TUCSON, Ariz. (April 8, 2010) — Forty-two medical researchers and their labs have been awarded more than $21 million in grants by the Muscular Dystrophy Association to advance critical neuromuscular research in 2010. Many of the grants are multiyear awards to be dispersed over the next three years.
One of the grant recipients is Brett Morrison, M.D., Ph.D., an assistant professor of neurology at Johns Hopkins University in Baltimore. Morrison has been awarded $326,160 to continue his groundbreaking work studying the cells of the nervous system that may play a role in amyotrophic lateral sclerosis (ALS). Including this grant, MDA has awarded Morrison $461,160 in grant money since 2007.
The grant is part of MDA’s ongoing commitment to funding neuromuscular research that may eventually lead to treatments and cures for muscular dystrophy and related diseases.
“All of these grants were recommended for funding by the distinguished groups of neuromuscular disease researchers and clinicians voluntarily serving on the MDA Medical and Scientific Advisory Committees,” explains R. Rodney Howell, M.D., Chairman of the MDA Board of Directors. “Dr. Morrison is an outstanding scientist, and Brett’s contributions to the field of neuromuscular disease research continue to be impressive.”
Morrison’s research focuses on nervous system cell dysfunction and learning how specific cellular defects are created leading to the development of ALS.
“We have discovered that the capacity of astroglia, support cells in the nervous system, to provide nutrients to motor neurons is disrupted in ALS, and that this lack of nutrients likely contributes to motor neuron degeneration,” Morrison said. “With the assistance of funding from MDA, we hope to investigate further the mechanism by which this occurs and develop methods to offset this deficiency. We hope that our research will eventually lead to novel treatment strategies for ALS patients.”
In addition, Jeffrey Rothstein, M.D., Ph.D., professor of neurology at Johns Hopkins University in Baltimore and director of the University’s MDA/ALS center, has been awarded $361,185. The grant will allow Rothstein to continue his investigation into the function that nervous system support cells, or astroglial cells, could perform to protect nerve cells that die in ALS; and support Rothstein’s work to find compounds that may increase production of these potentially protective cells. Including this grant, MDA has awarded Rothstein $3,637,553 in scientific grant money since 1991.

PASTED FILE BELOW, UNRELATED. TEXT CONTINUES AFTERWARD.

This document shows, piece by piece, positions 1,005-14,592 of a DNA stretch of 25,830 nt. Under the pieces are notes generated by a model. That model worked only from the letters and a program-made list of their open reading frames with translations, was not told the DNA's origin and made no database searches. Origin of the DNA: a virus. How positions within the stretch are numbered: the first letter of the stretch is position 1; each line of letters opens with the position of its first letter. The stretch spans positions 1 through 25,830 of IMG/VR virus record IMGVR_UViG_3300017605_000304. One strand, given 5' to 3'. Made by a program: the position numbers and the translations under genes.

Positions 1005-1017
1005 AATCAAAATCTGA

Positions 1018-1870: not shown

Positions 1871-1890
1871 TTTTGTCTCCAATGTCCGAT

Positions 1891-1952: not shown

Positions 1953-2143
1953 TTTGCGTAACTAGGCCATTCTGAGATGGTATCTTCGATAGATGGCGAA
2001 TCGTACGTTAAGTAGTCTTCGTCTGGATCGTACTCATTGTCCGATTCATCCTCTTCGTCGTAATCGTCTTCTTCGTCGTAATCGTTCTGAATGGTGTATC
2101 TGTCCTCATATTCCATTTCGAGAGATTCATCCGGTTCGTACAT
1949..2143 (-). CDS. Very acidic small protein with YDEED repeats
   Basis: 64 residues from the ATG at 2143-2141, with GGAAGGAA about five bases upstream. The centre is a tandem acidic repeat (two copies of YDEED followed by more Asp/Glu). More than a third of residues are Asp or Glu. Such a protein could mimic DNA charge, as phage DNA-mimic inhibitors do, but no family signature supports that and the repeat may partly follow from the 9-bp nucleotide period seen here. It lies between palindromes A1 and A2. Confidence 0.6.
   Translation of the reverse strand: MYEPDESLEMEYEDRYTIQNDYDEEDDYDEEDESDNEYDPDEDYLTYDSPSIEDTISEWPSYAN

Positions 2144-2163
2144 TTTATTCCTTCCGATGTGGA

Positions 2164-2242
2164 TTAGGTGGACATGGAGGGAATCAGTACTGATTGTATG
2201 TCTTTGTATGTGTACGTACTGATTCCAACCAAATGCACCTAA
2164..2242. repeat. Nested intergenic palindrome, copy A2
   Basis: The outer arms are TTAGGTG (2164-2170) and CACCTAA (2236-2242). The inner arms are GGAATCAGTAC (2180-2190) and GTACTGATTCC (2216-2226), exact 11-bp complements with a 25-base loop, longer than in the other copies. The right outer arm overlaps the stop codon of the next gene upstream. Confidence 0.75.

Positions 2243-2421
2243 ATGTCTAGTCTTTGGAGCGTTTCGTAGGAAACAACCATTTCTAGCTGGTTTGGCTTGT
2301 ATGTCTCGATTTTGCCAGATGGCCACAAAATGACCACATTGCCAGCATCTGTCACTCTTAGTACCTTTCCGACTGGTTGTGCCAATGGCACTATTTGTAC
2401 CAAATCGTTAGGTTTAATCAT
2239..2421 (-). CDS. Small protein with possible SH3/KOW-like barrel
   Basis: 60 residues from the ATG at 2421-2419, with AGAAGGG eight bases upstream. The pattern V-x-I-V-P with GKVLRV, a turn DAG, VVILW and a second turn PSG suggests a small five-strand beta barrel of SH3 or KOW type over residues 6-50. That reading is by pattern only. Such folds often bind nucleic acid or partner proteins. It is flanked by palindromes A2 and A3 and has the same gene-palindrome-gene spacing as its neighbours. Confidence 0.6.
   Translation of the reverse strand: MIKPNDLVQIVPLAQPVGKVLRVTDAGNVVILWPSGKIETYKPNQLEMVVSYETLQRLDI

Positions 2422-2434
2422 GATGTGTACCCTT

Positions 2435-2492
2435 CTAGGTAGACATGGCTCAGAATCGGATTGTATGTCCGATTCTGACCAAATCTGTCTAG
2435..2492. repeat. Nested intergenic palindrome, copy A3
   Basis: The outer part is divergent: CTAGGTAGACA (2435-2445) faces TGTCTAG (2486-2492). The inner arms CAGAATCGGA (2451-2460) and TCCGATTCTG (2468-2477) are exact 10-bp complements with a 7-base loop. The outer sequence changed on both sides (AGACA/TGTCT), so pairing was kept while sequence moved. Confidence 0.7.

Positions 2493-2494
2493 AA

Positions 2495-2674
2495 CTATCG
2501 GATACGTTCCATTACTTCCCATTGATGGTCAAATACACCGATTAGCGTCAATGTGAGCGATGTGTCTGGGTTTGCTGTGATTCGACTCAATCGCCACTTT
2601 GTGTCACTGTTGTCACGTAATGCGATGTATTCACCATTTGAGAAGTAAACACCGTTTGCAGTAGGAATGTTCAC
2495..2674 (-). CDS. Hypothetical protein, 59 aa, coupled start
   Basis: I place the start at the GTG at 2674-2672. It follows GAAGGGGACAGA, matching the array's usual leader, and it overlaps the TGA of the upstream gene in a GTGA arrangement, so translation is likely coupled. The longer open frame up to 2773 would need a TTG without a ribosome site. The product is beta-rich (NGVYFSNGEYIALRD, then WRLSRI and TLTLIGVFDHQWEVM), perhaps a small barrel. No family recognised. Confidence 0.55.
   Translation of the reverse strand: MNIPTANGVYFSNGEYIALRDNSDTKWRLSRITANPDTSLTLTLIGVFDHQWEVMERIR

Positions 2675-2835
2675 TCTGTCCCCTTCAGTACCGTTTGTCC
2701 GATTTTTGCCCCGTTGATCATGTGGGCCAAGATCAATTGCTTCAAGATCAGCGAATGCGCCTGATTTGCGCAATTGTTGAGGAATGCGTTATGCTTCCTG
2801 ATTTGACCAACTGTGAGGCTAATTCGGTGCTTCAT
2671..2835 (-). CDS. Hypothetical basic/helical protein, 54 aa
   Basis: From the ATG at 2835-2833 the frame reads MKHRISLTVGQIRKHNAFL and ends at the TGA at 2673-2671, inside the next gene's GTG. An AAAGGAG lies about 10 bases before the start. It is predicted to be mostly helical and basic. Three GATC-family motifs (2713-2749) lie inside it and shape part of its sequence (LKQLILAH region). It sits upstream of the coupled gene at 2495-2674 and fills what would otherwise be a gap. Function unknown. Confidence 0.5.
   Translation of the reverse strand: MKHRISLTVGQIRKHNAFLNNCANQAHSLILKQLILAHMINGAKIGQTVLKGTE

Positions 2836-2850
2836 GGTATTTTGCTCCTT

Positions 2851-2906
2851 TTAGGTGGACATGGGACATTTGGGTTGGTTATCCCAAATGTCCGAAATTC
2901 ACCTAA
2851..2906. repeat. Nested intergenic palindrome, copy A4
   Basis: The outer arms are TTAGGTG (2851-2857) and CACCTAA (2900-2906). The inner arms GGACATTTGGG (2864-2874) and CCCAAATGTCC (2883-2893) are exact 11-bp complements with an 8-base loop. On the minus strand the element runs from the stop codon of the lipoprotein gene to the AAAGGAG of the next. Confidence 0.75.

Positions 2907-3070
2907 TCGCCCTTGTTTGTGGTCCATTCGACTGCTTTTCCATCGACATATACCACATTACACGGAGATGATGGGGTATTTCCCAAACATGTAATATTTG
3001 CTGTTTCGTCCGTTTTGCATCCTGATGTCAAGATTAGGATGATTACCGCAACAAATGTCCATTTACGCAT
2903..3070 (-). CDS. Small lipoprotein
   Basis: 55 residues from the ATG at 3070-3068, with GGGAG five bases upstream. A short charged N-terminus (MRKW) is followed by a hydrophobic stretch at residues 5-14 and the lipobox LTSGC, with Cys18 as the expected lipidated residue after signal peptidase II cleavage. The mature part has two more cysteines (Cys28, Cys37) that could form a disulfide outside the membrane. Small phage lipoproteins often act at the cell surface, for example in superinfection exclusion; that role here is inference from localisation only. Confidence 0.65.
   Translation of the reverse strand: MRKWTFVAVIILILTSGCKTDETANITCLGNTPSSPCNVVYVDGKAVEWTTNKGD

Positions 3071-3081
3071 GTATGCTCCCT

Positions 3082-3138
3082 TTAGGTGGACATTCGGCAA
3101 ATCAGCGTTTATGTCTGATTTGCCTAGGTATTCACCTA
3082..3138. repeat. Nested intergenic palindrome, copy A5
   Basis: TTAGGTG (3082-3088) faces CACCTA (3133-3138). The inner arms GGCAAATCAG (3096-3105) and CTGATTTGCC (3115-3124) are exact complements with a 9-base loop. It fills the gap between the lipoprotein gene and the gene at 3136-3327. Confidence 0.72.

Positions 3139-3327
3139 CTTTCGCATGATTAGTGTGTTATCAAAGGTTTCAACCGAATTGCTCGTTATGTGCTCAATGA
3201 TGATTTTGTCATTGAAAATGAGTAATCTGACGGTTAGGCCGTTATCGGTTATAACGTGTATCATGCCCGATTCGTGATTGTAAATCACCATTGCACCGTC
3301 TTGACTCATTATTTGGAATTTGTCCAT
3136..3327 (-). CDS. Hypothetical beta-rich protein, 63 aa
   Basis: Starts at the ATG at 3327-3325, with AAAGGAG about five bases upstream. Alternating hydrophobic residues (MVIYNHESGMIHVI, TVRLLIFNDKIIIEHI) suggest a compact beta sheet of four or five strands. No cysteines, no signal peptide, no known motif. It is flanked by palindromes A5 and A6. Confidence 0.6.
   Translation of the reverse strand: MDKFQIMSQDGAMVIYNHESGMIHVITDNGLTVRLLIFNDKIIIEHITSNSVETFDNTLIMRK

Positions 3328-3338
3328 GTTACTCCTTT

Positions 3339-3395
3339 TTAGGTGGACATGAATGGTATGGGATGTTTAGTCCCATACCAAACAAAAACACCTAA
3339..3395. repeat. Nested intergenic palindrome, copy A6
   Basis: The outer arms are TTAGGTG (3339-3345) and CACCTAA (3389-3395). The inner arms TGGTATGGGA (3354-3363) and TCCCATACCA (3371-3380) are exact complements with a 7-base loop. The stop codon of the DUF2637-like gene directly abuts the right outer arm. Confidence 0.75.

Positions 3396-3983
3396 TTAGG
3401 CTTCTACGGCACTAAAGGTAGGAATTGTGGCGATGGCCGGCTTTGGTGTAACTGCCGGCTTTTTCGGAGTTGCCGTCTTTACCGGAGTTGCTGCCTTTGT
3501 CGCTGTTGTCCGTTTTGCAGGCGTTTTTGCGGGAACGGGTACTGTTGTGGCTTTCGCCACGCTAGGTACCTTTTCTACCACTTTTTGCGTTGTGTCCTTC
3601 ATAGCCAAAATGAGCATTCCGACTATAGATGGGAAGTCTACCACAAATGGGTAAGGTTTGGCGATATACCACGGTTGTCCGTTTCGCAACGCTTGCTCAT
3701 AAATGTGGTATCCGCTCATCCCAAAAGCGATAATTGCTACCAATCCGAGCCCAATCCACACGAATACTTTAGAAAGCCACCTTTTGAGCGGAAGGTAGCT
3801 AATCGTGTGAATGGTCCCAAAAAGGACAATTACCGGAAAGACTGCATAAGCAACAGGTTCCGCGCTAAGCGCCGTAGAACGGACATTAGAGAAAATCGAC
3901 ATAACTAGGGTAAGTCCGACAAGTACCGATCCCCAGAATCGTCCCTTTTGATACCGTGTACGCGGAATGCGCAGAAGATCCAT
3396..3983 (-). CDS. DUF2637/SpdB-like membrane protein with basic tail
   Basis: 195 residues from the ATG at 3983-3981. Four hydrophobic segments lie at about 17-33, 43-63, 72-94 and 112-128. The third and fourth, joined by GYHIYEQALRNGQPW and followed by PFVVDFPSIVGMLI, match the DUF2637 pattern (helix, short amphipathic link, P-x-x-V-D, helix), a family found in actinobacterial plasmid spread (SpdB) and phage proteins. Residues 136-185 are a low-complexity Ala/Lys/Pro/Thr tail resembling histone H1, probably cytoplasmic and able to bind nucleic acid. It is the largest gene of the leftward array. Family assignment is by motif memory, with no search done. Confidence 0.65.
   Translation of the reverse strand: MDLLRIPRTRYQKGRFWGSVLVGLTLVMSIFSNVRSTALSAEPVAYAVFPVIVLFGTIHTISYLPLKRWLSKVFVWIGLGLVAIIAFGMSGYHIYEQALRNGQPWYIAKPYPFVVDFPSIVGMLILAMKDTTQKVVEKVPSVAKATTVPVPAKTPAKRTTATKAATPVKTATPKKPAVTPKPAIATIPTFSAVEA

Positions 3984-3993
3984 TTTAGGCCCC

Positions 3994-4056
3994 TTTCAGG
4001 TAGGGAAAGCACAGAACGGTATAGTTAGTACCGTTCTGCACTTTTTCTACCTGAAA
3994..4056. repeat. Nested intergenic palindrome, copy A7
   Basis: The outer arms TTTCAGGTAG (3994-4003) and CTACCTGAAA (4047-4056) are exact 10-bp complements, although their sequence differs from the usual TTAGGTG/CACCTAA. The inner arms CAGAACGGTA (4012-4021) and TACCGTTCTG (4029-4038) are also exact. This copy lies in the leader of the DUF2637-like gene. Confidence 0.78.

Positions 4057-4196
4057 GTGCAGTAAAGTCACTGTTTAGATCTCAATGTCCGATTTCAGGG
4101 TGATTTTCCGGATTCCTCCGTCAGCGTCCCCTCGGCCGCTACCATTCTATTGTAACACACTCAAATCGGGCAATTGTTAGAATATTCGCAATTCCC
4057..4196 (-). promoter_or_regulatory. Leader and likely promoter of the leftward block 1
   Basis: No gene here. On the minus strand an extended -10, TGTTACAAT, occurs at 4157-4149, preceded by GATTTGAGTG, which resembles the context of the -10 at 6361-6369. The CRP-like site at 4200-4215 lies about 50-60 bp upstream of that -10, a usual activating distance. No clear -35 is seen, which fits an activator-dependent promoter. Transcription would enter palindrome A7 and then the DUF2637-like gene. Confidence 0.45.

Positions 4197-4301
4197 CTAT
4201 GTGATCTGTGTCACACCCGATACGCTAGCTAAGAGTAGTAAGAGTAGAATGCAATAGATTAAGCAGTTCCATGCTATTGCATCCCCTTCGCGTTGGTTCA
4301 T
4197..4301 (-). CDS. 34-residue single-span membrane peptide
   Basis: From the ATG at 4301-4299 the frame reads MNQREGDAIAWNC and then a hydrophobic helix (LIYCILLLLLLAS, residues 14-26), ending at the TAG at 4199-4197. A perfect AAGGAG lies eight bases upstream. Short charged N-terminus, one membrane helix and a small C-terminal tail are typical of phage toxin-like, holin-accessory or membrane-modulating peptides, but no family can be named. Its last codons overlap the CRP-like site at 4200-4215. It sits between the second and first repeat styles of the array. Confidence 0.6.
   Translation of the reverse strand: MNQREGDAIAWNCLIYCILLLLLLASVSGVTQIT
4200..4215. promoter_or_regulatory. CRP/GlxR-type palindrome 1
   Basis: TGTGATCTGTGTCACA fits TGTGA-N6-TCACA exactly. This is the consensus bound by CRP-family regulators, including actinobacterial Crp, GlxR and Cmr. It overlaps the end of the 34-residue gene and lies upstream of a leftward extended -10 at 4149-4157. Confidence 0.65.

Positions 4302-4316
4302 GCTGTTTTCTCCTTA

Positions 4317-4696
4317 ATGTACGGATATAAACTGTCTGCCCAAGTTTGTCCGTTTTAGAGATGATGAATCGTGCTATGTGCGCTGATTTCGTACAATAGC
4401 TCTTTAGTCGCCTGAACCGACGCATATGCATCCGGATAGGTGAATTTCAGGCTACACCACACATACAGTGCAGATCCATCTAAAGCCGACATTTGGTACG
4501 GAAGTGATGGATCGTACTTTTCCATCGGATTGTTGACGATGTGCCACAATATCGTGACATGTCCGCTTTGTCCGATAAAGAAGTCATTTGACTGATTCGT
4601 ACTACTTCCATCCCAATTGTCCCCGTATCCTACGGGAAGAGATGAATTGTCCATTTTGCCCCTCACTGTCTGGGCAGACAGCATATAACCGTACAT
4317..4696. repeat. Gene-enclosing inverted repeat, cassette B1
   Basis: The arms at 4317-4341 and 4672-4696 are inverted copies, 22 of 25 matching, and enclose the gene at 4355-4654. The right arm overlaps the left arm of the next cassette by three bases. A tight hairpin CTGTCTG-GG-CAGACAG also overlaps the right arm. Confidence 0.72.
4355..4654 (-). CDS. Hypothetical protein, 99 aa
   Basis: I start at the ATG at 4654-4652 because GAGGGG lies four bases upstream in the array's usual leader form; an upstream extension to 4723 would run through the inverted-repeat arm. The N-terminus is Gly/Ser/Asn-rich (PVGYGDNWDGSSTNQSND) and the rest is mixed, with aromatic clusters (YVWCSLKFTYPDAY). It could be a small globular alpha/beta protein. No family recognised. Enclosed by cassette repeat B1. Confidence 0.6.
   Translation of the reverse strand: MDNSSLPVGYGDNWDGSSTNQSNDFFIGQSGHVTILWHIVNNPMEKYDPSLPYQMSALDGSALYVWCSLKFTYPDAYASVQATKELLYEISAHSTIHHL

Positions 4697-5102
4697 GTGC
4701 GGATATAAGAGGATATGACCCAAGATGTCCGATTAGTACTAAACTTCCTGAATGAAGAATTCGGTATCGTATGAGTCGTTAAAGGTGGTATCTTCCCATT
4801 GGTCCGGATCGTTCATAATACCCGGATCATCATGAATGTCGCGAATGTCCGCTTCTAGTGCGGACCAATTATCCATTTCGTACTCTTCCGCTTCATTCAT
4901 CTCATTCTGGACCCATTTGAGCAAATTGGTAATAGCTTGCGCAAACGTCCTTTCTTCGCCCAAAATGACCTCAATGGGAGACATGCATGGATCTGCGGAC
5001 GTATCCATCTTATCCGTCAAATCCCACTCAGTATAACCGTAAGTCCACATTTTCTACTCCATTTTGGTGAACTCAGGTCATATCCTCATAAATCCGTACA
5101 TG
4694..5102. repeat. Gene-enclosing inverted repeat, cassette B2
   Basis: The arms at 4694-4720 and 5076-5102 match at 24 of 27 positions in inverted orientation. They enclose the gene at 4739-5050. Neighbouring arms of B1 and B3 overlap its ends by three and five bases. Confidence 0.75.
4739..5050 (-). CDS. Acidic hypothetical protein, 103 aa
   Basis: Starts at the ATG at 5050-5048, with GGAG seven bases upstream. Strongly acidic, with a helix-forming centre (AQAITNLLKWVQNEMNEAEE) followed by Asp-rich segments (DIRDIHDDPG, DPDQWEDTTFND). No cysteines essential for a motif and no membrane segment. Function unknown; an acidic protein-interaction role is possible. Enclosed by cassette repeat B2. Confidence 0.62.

All research grant applications go through a rigorous peer review process by MDA’s Medical and Scientific Advisory Committees, composed of world-renowned experts in neuromuscular diseases. Reviewers assess the protocols and methods used by the applying scientists, as well as the relevance of the applicant’s research to therapy development for the 40-plus neuromuscular diseases that MDA covers. Each year, about 500 researchers apply to MDA for research funding. MDA annually invests more than $40 million on international research projects.
Founded in 1950, the Muscular Dystrophy Association is the nation’s largest non-governmental funder of research seeking treatments and cures for more than 40 neuromuscular diseases, including muscular dystrophy, amyotrophic lateral sclerosis (ALS), spinal muscular atrophy (SMA), Charcot-Marie-Tooth disease (CMT) and Friedreich’s ataxia (FA). The first nonprofit organization to be recognized with a Lifetime Achievement Award from the American Medical Association (“for significant and lasting contributions to the health and welfare of humanity”), MDA also provides unparalleled health care services through its network of more than 200 hospital-affiliated clinics; 36 of which are MDA/ALS Centers. MDA advocates for the families it serves; and invests significant resources educating the medical and scientific communities, as well as the general public, about neuromuscular diseases affecting more than 1 million Americans. Thanks to decades of generous contributions from caring individuals, plus outstanding support received from local, regional and national sponsors, MDA is credited for its role in building the entire field of neuromuscular disease research, while simultaneously nurturing clinical care to significantly improve both quality and length of lives for those affected by neuromuscular diseases.
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